(OTTAWA) A senior government official has revealed that Treasury Secretary Chrystia Freeland will propose taxing company share buybacks in her economic statement on Thursday to encourage companies to invest in their operations and their workers in the country.
Updated yesterday at 6:20pm.
Nojoud Al Mallees The Canadian Press
The source spoke to The Canadian Press on condition of anonymity as she was not authorized to publicly discuss the contents of the government’s financial report.
The federal government’s fall economic statement released on Thursday is also expected to include Canada’s response to President Joe Biden’s Cut Inflation Act, which also imposed a 1% federal tax on corporate share buyouts.
German Environment Secretary Steven Guilbeault berated oil majors last week for their very limited investment in climate action, while massive gains attributed to inflation have allowed them to garnish shareholder wallets.
Oil giant Cenovus on Wednesday announced profits of $1.6 billion in the third quarter, up 192% from the same quarter last year. Cenovus also paid $659 million to shareholders through share repurchases during the quarter.
Speaking in Windsor, Ontario last month, Freeland said this fall’s economic statement will focus on the economic opportunities Canada is trying to seize going forward — an economy heavily reliant on “clean energy,” electric vehicles, battery manufacturing and critical Minerals aligned.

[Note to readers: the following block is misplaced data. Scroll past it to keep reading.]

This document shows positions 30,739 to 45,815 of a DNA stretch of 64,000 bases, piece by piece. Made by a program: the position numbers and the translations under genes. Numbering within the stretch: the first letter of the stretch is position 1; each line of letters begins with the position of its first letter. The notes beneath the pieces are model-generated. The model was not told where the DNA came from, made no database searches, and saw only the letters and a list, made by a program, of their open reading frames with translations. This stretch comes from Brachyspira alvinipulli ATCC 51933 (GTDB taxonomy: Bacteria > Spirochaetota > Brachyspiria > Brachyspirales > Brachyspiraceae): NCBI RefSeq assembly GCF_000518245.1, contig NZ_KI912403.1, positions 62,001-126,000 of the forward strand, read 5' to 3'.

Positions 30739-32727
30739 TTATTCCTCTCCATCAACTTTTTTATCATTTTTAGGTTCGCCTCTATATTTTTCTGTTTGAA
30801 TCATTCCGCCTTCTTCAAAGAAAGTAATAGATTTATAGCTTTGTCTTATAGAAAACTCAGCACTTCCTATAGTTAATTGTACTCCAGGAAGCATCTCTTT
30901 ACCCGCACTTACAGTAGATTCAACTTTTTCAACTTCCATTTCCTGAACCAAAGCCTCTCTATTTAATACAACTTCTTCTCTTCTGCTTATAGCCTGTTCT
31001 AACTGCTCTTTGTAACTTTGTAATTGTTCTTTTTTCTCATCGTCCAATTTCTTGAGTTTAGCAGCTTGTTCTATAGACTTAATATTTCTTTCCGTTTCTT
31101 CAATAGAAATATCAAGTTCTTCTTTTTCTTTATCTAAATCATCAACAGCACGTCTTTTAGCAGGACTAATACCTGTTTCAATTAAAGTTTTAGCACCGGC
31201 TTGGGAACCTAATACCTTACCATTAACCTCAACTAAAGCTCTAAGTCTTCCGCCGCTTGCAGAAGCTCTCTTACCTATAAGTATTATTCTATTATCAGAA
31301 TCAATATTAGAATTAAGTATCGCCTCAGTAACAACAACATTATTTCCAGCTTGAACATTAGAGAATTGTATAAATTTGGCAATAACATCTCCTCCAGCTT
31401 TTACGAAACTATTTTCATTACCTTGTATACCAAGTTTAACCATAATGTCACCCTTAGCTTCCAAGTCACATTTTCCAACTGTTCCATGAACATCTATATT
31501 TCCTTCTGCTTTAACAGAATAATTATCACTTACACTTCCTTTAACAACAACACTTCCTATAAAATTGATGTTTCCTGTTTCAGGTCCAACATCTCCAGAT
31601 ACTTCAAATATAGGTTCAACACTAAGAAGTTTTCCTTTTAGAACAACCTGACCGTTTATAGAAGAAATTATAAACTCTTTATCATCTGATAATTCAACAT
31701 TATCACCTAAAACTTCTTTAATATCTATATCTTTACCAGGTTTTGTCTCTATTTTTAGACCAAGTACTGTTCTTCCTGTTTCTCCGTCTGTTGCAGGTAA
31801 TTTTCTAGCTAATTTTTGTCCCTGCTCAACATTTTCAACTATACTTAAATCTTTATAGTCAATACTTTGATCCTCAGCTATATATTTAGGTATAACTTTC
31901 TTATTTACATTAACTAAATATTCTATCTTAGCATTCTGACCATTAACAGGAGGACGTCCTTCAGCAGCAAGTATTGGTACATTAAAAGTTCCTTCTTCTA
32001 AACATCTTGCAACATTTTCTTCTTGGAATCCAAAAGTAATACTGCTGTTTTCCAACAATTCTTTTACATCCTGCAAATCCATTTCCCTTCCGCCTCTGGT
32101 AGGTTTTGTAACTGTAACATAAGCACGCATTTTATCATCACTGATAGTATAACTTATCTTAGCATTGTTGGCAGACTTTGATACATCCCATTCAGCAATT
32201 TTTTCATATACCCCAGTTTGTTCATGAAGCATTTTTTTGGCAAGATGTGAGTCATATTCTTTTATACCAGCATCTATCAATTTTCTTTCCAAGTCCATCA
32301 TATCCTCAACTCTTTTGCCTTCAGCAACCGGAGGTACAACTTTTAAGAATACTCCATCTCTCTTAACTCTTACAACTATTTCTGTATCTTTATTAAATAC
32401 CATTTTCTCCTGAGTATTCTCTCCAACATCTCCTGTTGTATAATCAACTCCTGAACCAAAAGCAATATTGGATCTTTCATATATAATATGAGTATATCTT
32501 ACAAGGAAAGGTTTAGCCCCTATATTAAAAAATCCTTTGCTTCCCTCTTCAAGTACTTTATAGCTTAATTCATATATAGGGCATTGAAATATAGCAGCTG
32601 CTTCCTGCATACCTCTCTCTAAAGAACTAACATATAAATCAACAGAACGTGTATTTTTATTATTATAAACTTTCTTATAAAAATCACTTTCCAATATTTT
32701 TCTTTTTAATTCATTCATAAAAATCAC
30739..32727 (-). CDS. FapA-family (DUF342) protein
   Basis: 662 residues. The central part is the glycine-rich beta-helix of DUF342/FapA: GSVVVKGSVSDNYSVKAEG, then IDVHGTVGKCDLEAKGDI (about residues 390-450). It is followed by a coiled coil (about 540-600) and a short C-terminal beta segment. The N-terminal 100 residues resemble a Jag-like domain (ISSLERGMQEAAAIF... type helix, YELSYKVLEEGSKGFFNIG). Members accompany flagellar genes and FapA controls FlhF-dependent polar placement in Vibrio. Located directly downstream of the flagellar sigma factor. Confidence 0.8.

Secretary Freeland has already indicated that she will also focus on fiscal discipline while the Bank of Canada hikes interest rates to bring down inflation. However, she warned that the government cannot compensate all Canadians for the rising cost of living.
As Secretary Freeland is to release the autumn economic statement on Thursday, which will paint a portrait of federal public finances and Canada’s economy, opposition parties in the House of Commons have expressed their expectations.
In a letter to Minister Freeland on Sunday, Conservative leader Pierre Poilievre urged the government not to introduce new taxes and announce new spending unless it made further budget cuts.
New Democratic Party leader Jagmeet Singh has written to Prime Minister Justin Trudeau urging him to crack down on “corporate greed” and reform the EI program without delay.
The Bloc Québécois is also calling for labor insurance reform to make the system more accessible. In addition, Bloc members are calling for the Liberal government to provide “increased, predictable and unconditional funding” for the health care system and a 10 percent increase in old-age benefits from age 65 — not from age 75, as Ottawa mandated in July .
The bloc is also asking the government “to use federal funds more rationally” by forgoing spending such as interference with provincial jurisdictions and subsidies to oil companies, according to financial critic Gabriel Ste-Mary in a press release.